5. The territorial and temporal scope of the injunctions must be strict and constrained as appropriate in light of the compelling circumstances: paras. 167(iv) and 225. Apparently no different to before. But the Supreme Court went on to say that newcomer injunctions “in our view ought to come to an end (subject to any order of the judge), by effluxion of time in all cases after no more than a year unless an application is made for their renewal”. This comment was made in the specific context of Traveller injunctions and it is very possible the Supreme Court intended to confine this comment to that scenario – see also paras. 235-236 which appear to distinguish protestor injunctions. But, if not, this will mark a point of difference from the previous practice. In a number of recent protestor cases, for example, the courts have granted final injunctions lasting 5 years but with in-built annual reviews.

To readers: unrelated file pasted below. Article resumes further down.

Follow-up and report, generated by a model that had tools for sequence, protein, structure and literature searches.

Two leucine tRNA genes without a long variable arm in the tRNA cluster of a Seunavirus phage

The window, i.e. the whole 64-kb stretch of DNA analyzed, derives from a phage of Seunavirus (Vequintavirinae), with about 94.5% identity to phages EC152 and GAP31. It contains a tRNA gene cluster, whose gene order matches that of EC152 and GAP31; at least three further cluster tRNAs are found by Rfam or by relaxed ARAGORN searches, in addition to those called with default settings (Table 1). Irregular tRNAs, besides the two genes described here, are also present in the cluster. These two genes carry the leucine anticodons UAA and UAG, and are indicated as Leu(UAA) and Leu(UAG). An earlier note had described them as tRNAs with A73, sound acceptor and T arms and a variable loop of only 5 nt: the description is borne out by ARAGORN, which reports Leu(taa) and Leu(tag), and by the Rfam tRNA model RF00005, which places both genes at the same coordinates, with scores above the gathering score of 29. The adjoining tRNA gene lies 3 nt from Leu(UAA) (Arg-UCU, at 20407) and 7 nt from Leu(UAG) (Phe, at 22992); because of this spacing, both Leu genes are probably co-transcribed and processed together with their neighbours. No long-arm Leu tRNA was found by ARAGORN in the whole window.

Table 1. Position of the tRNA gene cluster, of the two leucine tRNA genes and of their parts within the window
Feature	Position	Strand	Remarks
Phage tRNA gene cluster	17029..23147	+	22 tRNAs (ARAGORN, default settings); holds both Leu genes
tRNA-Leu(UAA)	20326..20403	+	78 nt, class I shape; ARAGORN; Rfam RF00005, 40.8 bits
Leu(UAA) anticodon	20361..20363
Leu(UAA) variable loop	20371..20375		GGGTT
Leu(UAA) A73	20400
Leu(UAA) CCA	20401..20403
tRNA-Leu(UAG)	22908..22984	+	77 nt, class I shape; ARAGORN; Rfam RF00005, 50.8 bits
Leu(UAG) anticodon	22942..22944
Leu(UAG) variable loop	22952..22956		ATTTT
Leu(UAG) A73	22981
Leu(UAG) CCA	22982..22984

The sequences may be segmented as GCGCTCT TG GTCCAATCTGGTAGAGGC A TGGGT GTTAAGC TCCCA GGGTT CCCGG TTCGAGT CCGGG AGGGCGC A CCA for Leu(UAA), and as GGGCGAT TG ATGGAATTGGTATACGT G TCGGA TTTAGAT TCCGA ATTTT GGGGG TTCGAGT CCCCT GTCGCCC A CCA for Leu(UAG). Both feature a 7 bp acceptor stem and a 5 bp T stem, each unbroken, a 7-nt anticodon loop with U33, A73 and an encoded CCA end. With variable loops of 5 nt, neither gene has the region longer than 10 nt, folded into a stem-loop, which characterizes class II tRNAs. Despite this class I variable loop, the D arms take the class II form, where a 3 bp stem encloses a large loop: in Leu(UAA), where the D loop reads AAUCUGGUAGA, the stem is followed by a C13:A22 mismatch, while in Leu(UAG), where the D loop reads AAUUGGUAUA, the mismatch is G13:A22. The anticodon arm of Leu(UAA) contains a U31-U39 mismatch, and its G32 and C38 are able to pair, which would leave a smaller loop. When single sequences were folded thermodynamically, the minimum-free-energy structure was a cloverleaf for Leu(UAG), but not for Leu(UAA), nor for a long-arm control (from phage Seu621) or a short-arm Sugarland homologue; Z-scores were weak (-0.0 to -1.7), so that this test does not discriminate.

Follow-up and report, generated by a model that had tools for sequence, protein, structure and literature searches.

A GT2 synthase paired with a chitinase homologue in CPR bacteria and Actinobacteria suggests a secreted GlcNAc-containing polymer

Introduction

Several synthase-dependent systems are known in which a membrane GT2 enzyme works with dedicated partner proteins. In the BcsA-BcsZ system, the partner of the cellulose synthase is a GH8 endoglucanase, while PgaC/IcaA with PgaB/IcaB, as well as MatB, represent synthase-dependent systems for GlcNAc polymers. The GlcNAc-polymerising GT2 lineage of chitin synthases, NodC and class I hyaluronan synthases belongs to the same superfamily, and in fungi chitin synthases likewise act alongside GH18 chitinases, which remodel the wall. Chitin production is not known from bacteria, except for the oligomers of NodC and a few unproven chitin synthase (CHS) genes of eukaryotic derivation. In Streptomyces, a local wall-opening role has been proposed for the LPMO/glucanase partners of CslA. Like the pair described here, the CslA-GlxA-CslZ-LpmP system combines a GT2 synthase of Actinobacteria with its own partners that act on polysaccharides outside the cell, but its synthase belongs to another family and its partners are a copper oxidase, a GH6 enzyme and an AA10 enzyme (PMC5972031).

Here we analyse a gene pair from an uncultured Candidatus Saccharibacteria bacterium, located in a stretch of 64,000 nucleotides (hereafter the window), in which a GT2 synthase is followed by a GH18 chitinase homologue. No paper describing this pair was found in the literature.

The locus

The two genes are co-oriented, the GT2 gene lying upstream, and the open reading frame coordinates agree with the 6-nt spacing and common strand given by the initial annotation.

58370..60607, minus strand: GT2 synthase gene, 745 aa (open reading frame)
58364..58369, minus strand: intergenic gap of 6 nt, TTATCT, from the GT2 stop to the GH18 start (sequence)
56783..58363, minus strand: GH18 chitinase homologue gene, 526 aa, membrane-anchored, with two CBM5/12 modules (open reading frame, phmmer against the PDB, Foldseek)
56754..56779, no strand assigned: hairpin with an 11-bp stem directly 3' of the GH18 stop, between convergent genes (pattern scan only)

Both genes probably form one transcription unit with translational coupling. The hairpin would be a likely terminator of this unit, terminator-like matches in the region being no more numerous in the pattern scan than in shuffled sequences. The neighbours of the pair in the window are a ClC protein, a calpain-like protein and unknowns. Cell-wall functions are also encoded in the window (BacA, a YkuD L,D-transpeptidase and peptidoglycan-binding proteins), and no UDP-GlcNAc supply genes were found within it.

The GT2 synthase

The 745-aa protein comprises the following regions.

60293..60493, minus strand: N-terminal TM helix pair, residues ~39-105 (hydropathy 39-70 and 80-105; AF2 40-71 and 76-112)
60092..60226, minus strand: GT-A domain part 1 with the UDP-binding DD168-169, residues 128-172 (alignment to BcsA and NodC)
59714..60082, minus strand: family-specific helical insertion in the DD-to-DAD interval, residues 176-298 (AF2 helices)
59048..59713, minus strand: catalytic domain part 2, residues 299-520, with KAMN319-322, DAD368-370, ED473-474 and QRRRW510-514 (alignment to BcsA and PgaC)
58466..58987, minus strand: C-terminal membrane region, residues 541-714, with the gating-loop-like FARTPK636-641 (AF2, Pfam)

6. Newcomers are protected by sufficient procedural protections such as (para. 167(ii)-(iii)):
    • Claimants being under an obligation to take all reasonable steps to draw the application and any order made to the attention of those likely to be affected by it. This could be done, for example, by advertising the application at the site or on suitable websites: paras. 175, 226 and 230-231. At the moment, the standard practice is for claimants to apply, pursuant to CPR r.6.15 and 6.27, for permission to serve newcomers alternatively – e.g., by posting claim documents and orders at the site, on a website and by email. The analysis of the Supreme Court – that newcomers are not parties and all claims affecting them are without notice – would appear to mean that such alternative service applications against them are now unnecessary. Claimants can just go ahead and take the various steps mentioned above without prior court involvement. But the previous standard practice may be preferable anyway as: (1) it will lead to the court sanctioning the proposed methods of notice; and, (2) for the reason set out at “Fifthly” below.
    • The most generous provision for liberty to apply to set aside the injunction: paras. 177 and 232. Such provisions have always been included in these injunctions.